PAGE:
“After the surprising Confederate victory in February, Sibley had proceeded north with his 2,200 remaining men. Skirmishing at Glorietta Pass had failed to slow him, and he had marched north to lay ‘siege’ to the Federal forces at Fort Union. Though he did not outnumber these forces, and could not realistically cut them off, a series of sharp skirmishes and raids would define the action from March to July before the August heat settle both sides into a sense of complacency.

Washington was alarmed by this sudden Confederate advance on the periphery. Canby, who was exchanged in late June, was called to Washington to answer for the defeats suffered there. Meanwhile, Lincoln had little choice but to assign an older officer to the command on the frontier.

Brigadier General William Selby Harney was appointed commander of the South West region, and given authority for all Union forces from Nevada to Colorado.

The choice of Harney was contentious. Stanton and Lincoln had both had reservations, not the least because of Harney’s age at 62, but because of his Southern heritage. In truth this proved to be more of a concern for Stanton, as Lincoln felt that heritage was not necessarily an impediment to service. Otherwise, the general was surrounded by numerous controversies.

In 1834 he had been accused of beating his sister in law’s slave Hannah to death. Though acquitted there was little doubt of his guilt. During the Mexican War he had organized the mass execution of the members of the captured members of the Saint Patrick Battalion, executing thirty men at once in a mass hanging. During the First Sioux War in retaliation for the Grattan Massacre, Harney carried out the Harney Massacre, slaughtering 86 men, women, and children[1]. Then he briefly commanded the expedition which would mount the First Utah War, before being replaced by Albert Sidney Johnson. His final great controversy would be while commanding the Department of Oregon where he escalated the so-called Pig War by dispatching troops to San Juan Island nearly leading to an all out conflict.

However, in spite of these controversies Harney was a fighter. He had shown aggression and daring while fighting the Indians in the numerous little wars across the Plains, leading them to dub him “Mad Bear” for his ruthless campaigns against them. He had shown ruthlessness and determination in Mexico commanding the 2nd Dragoons, and had shown aggressive action in Oregon in challenging the British. Despite what Stanton felt had been his ‘milquetoast’ response to early secessionist actions in Missouri in 1861, Lincoln determined he would be well acquitted to deal with the crisis developing in the South West…” - War in the Southwest: The New Mexico Campaign, Col. Edward Terry (Ret.), USMA, 1966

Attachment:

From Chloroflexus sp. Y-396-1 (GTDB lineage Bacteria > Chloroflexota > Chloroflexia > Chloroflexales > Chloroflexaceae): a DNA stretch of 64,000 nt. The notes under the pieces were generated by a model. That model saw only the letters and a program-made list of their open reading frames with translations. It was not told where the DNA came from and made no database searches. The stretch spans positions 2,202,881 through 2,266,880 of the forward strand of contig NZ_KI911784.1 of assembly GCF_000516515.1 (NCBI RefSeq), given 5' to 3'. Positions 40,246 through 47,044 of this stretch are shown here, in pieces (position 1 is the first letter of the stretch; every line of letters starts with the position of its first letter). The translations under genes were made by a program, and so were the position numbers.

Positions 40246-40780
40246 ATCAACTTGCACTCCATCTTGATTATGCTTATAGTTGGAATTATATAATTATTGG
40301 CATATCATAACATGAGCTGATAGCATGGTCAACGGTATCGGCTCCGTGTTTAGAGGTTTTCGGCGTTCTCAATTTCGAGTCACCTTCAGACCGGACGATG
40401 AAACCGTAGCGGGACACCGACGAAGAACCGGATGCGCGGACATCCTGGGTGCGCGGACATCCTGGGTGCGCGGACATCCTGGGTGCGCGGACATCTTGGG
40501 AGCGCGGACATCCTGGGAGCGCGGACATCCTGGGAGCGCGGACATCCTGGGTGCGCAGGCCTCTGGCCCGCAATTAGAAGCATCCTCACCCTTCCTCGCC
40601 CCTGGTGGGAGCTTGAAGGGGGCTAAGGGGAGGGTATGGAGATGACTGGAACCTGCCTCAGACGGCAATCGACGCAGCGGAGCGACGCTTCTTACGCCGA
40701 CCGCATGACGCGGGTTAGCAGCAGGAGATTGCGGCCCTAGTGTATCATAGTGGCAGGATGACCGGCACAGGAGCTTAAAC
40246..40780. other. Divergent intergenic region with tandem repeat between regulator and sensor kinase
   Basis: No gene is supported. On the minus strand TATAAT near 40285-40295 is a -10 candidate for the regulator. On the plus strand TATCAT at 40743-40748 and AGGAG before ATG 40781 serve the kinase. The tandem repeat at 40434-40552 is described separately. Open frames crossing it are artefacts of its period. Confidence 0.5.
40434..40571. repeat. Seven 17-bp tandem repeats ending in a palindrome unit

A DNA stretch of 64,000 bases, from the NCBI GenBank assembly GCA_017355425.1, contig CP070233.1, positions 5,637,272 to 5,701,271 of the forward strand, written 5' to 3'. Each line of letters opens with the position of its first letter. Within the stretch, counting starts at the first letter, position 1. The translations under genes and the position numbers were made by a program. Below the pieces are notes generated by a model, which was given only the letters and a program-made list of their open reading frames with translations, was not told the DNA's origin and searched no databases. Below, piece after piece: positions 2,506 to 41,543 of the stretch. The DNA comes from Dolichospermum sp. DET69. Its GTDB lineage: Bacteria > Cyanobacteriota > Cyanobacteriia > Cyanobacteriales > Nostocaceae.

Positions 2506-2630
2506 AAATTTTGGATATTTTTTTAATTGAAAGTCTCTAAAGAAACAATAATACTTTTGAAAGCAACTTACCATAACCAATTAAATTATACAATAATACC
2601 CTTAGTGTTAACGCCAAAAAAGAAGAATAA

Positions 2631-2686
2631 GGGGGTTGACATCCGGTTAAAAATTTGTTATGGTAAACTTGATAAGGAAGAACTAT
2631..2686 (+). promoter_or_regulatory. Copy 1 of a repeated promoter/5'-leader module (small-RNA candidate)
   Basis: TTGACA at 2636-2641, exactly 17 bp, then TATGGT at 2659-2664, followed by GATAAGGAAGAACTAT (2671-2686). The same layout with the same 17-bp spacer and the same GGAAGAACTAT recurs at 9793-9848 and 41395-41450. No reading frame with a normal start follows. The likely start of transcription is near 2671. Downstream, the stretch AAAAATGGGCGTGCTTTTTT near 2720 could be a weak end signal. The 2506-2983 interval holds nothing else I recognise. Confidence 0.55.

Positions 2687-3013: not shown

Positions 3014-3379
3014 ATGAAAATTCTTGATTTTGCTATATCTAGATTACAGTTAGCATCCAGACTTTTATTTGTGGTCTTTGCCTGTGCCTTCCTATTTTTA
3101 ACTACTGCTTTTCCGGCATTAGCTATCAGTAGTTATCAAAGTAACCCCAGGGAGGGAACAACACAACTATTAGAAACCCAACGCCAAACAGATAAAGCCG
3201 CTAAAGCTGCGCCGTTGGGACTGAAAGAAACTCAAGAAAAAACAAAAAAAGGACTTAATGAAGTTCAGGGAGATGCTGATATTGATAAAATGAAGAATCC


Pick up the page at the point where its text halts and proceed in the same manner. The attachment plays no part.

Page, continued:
William S. Harney

“…come 1862, the Church of Jesus Christ and the Latter Day Saints had sat out the Civil War passively. The feelings from the predominately Mormon settlers of Utah thus far had been one of ‘a pox on both your houses’ as they felt warm feelings towards neither the government in Washington nor the government in Richmond. Men from both sides had attempted to assert their will with violence upon the Church.

In that territory, memories of the recent conflict in 1857 were still fresh. The Mormon Church felt that they owed little to the Federal government which had effectively made war on them, the nation which had exiled them, and the people who had denied their appeal for statehood again and again. Most Mormons would resolutely follow the idea set forward by John Taylor: “We know no North, no South, no East, no West.”…